As for what I replaced it with, well, I was largely on my own without a whole lot of guidance. At that point in my design pre-career I was, thanks largely to the ISU curriculum, very concept-focused and determined to see graphic design as almost more of a logical, problem-solving science than any kind of decorative art. As it happens, Quantum Whatever is a good demonstration of the incompleteness of that outlook; a thoughtful concept is well and good, but there is rarely a direct logical path from a concept to actual visually-appealing typography and graphics, and thus one can’t really make sense of graphic design without accounting for the importance of creativity and intuition. And so with Quantum Whatever, I had a concept, but still ended up with an odd assortment of fairly arbitrary lettering and graphic styles.

In any event, having lettle else to work with, I pursued a design concept inspired by the name, “Quantum Whatever.” I had a loose, pop-science concept of quantum physics and supplemented this with some brief exploration around the early world wide web. In practice, the result was a relatively spartan approach to layout and typography, enlivened with free-form, decorative circular designs, sorta-kinda hinting at scientific diagrams of particles, electron orbits, etc. This concept also informed my first cover:

Front cover, Quantum Whatever, volume II issue 1

Front cover, Quantum Whatever, volume II issue 1

In terms of type, I had to reach a bit further and get a bit more inventive. For the body copy I (stupidly) selected the very delicate Caslon 224, with Myriad for headings and subheadings. For the main title, however, I produced one of the custom lettering solutions I was always turning to in those days.

Table of Contents from Volume II, Issue 2

This table of contents from issue 2:2 is probably a good example

Here, and in the other type I created for Quantum Whatever, I followed a very vague concept of quantum = advanced science = futury science fictionish look thought process. I’m not displeased with the result, though, and in fact I’m a little bit proud of the design for the second word of the title. This was a slight nod toward the Screwed-up Typewriter style of volume I, but also, I think, provided a fitting and welcome counterpoint to the precise, streamlined look of the letters otherwise, preventing the whole thing from taking itself too seriously. “Whatever,” man, basically.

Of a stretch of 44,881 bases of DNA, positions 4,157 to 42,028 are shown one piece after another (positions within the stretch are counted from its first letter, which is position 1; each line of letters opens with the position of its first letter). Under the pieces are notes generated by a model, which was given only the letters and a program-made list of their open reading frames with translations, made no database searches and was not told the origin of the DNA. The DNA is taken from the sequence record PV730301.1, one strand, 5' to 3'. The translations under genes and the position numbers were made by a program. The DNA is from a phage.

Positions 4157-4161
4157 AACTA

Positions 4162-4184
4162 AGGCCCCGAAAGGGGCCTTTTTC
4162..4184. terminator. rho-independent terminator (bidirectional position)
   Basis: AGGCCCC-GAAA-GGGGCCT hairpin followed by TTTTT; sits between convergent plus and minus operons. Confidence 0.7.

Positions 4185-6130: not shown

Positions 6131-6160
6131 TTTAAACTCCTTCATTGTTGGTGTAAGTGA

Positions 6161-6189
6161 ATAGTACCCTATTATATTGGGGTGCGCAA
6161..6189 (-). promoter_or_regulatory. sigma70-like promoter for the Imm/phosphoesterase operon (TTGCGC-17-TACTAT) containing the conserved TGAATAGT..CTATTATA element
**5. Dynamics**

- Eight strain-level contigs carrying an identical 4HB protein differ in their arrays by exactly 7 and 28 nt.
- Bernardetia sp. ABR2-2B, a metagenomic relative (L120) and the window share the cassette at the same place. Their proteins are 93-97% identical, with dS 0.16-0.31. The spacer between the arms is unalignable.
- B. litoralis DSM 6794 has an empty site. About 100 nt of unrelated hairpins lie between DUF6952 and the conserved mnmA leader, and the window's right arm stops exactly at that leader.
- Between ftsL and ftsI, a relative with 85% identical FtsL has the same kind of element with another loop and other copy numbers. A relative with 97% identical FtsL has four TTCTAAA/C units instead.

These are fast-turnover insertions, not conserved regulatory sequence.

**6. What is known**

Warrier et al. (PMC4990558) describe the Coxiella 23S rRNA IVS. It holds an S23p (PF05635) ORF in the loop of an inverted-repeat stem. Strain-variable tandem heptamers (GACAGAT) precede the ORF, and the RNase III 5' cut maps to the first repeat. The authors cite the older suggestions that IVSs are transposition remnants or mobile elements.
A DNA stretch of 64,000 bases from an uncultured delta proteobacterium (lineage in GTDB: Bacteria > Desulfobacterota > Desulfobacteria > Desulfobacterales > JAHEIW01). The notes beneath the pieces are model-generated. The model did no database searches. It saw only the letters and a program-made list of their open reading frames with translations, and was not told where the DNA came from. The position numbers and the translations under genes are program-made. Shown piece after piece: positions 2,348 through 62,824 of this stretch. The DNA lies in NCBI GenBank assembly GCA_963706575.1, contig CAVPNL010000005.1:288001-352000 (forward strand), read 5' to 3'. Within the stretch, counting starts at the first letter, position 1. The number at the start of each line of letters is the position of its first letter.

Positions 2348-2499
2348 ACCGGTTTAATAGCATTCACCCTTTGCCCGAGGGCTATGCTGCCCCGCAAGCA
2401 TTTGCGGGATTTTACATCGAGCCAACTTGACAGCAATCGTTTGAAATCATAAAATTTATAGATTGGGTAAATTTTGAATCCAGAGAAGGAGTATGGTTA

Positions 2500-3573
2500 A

As though this weren’t enough, I created a second lettering style for the interior headings; if it has any concept at all it’s probably as a kind of bridge between the rounded-rectangle shapes of the main title logo, and the circle-based forms of the interior decoration. Any such effect may well have been accidental or, at best, instinctive, though.

QWB

What we might call "QWB"

This is, mm, an interesting experiment, at best, I suppose. I think it has an intriguing appearance, although some of the forms fail completely; the “s” was just a disaster. I like the way that I employed alternate versions of two or three letters, both for the specific results this produced and because it fits into the evolving work-in-progress, “make a rule of making an exception to the rules” custom which seemed to find its way into the design of every QW issue, somehow or other.

Beyond that, there isn’t a ton to say about the origins of Quantum Whatever as a design. I preserved the format of a half-legal-sized, saddle-stitched booklet from volume I because, I guess, it seemed as good as anything. Still seems fine now, I think.

For the covers, we were able to get a little bit more extravagant with volume II than volume I, though not a lot more extravagant: single-side coated cardstock, printed with two colors (on the outside; the insides were always left blank). No bleeds, either, something I struggled to reconcile every time out, including this most recent version. I had no consistent approach to the cover aside from duotone printing (I learned Photoshop’s duotone function specifically for this), and including content from the inside; I always made a point of including both images and text, to respect both “halves” of the journal, so every cover design has text from at least one story or poem or something as a background or texture.

I think that should just about set the stage for the 2011 revival, which should be appearing any day now. I’ll be back then with a few additional notes, on what adjustments/innovations I introduced and why, probably.